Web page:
In situations where both workers’ compensation and FMLA laws apply, the employer is required to designate the leave as FMLA-qualifying, if appropriate, and must also inform the employee of the same. If the employee fails to do this, the employee may still be entitled to FMLA leave at the end of their workers’ compensation absence. If the employee needs to take additional workers’ compensation medical leave after exhausting their FMLA leave, the “reasonable accommodation” under California’s Fair Employment and Housing Act may come into play. And given that medical leave can involve a scenario where reasonable accommodation is needed, an employer may have to extend an employee’s leave even if his/her statutory medical leave has been exhausted.

The employer must also provide leave under whichever law provides greater benefits and rights to the employee. For instance, if an employee’s injury makes them eligible for the workers’ compensation benefits, the employer cannot require them to take time off under FMLA instead.

This can be advantageous to an employee because:

  • The employer is obligated to continue the employer’s health coverage while on leave, and
  • The injured worker’s job position must be kept open until he or she returns to work. The employer cannot force the worker to return to “light duty.” There are provisions under Workers’ Compensation laws that touch on returning to work with restrictions as well as the reasonable accommodation that the employer must provide.

Can an Employer Force a Worker to Take FMLA Instead of Workers’ Compensation Benefits?

The practice of requiring a worker to use FMLA to take time off work following a work-related injury is technically legal. Under FMLA laws, it’s legal for an employer to count an employee’s time out as family and medical leave even if the employee is receiving workers’ compensation benefits, provided the reason for the leave meets the FMLA requirements already stated.

In some cases, an employer may favor FMLA when an employee is entitled to and may want to receive workers’ compensation benefits. The reason for doing this boils down to costs. An employer is not obligated to pay wages to an employee on an FMLA leave but is required to allow the worker to receive benefits such as those for health care. Should the employee file a workers’ compensation claim, the insurance purchased by the employer will be used to cover such expenses. What’s more, such filings may result in an increase in the premiums that the employer will be required to pay in the future. This is the main reason why an employer may want to direct their employees toward taking time off under FMLA rather than filling a workers’ compensation claim. However, before making any determinations, employers must do their do due diligence in order to ensure that they’re not allowing their employees to exhaust the benefits they may be entitled to because of workers’ compensation laws.

Employer Violations of FMLA and Workers’ Comp Laws

Under California Workers’ Compensation Code Section 132(a), it is unlawful for an employer to fire an employee due to a work-related injury or illness. Employees are entitled to their workers' compensation benefits even while they are on leave under FMLA.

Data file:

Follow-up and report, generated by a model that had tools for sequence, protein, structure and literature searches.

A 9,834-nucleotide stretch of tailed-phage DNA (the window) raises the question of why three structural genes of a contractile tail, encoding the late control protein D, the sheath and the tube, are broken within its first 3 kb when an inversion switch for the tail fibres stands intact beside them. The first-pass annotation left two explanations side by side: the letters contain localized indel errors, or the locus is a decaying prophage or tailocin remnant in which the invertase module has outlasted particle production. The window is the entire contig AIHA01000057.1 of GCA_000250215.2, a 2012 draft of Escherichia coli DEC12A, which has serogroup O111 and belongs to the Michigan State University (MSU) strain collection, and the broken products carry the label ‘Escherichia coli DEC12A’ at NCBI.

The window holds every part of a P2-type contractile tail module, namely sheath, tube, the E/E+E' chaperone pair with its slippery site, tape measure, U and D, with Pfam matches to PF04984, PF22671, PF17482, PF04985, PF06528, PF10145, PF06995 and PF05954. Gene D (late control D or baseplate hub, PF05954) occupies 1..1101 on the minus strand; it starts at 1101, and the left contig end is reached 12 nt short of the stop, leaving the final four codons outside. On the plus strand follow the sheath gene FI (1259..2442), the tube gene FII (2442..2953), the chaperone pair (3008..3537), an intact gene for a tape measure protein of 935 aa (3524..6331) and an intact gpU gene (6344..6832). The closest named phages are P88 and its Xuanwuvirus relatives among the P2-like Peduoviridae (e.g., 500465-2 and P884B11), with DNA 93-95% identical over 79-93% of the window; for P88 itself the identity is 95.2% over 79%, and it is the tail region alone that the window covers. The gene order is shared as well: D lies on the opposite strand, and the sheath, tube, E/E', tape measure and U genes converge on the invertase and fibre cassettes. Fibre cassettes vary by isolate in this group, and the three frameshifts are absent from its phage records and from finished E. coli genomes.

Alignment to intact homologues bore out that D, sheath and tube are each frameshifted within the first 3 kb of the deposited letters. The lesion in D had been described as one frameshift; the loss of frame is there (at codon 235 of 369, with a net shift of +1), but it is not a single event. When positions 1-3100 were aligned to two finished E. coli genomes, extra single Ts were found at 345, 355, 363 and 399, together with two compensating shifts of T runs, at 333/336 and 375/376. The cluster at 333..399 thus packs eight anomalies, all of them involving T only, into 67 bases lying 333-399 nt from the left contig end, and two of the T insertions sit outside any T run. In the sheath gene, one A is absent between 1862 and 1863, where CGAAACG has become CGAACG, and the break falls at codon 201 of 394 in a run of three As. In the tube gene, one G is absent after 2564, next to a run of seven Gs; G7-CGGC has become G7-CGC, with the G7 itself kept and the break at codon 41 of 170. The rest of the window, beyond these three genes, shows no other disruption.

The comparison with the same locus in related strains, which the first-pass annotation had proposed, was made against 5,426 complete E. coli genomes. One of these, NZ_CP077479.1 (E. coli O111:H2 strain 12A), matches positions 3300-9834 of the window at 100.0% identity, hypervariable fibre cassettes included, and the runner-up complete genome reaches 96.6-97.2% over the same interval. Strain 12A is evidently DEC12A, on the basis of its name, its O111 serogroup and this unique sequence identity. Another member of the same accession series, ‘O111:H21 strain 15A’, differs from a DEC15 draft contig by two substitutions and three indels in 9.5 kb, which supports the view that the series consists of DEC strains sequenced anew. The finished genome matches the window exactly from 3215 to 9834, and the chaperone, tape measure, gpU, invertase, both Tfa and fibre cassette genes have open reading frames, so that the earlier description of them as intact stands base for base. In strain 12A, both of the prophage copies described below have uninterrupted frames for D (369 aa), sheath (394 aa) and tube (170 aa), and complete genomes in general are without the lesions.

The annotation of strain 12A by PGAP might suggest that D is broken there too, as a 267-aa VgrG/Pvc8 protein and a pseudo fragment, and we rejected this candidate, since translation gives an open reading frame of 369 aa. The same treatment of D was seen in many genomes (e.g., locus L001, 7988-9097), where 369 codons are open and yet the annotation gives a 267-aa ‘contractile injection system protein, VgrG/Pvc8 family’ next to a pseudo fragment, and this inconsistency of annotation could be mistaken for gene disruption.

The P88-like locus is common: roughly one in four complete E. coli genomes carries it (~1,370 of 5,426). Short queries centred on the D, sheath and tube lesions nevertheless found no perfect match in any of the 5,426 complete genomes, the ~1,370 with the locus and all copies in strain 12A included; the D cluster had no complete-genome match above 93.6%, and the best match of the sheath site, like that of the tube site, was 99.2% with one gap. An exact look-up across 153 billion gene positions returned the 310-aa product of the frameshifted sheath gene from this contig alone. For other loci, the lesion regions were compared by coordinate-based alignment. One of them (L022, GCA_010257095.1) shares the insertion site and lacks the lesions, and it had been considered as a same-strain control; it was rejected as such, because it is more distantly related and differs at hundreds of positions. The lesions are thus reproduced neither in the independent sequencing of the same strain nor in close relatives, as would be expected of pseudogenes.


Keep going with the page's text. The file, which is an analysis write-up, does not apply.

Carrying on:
Examples of FMLA and workers’ compensation violations include:

  • Changing an employee’s role after returning to work
  • Firing an employee for filing a workers’ compensation claim and taking leave because of a serious health condition
  • Terminating an employee for complaining that the employer is in violation of FMLA or workers’ compensation rights
  • Terminating an employee after an employee takes leave to care for a close family member suffering from a serious health condition

Employers are prohibited from interfering with the rights of an employee to receive workers’ compensation benefits and take FMLA leave, or retaliating or discriminating against an employee for utilizing FMLA. They are also prohibited from making decisions or taking actions regarding hiring, disciplinary activity, or promotions based on an employee’s decision to take FMLA. In addition, an employer cannot withdraw any employment benefit that the employee was entitled to before taking FMLA leave and cannot count the FMLA leave against the employee under a no-fault attendance policy.

There are typically no federal laws that tell employers how to integrate the FMLA and workers’ compensation issues but the Department of Labor has ascertained that workers’ compensation leave and FMLA leave can run concurrently, as long as a qualifying serious injury or illness is the reason for the absence and the employer makes the employee know that the leave will be considered as FMLA leave.

In most cases, time off from work to recover from a work-related injury simultaneously qualify for FMLA protection. As per the DOL advisory, the employer should notify the injured employee in writing failure to which the worker may be entitled to additional time off with job protection benefits as well as the period of workers’ compensation disability leave. An employer may start the clock on an employee’s FMLA leave at the same time that the workers’ compensation medical leave is approved. What’s more, an employer may unintentionally violate the FMLA if a worker is not properly reinstated after returning to work for a work comp injury that wasn’t designated as FMLA leave. An employee’s case usually become complicated when the disability status requires extended time off of work.

Upon a work-related injury or illness, notifying workers that the company’s policy allows for a concurrent application of FMLA leave and workers’ compensation leave should be a part of the employer’s calendaring of activities.

Consult with an Orange County Workers Compensation Attorney Near Me

If you’ve suffered a work-related illness or injury and believed you may be qualified for both the workers’ compensation and FMLA programs, you should consult with an Orange County Workers Compensation Lawyer right away. We can help you determine which benefits you’re entitled to and will ensure that your rights are protected. We can also ensure that you have access to the medical care you need and that your job is protected. Worker’s compensation claims can be very complicated, especially when FMLA leave comes into the picture.

Call us at 949-423-3212 or fill in our online consultation form to speak with one of our attorneys.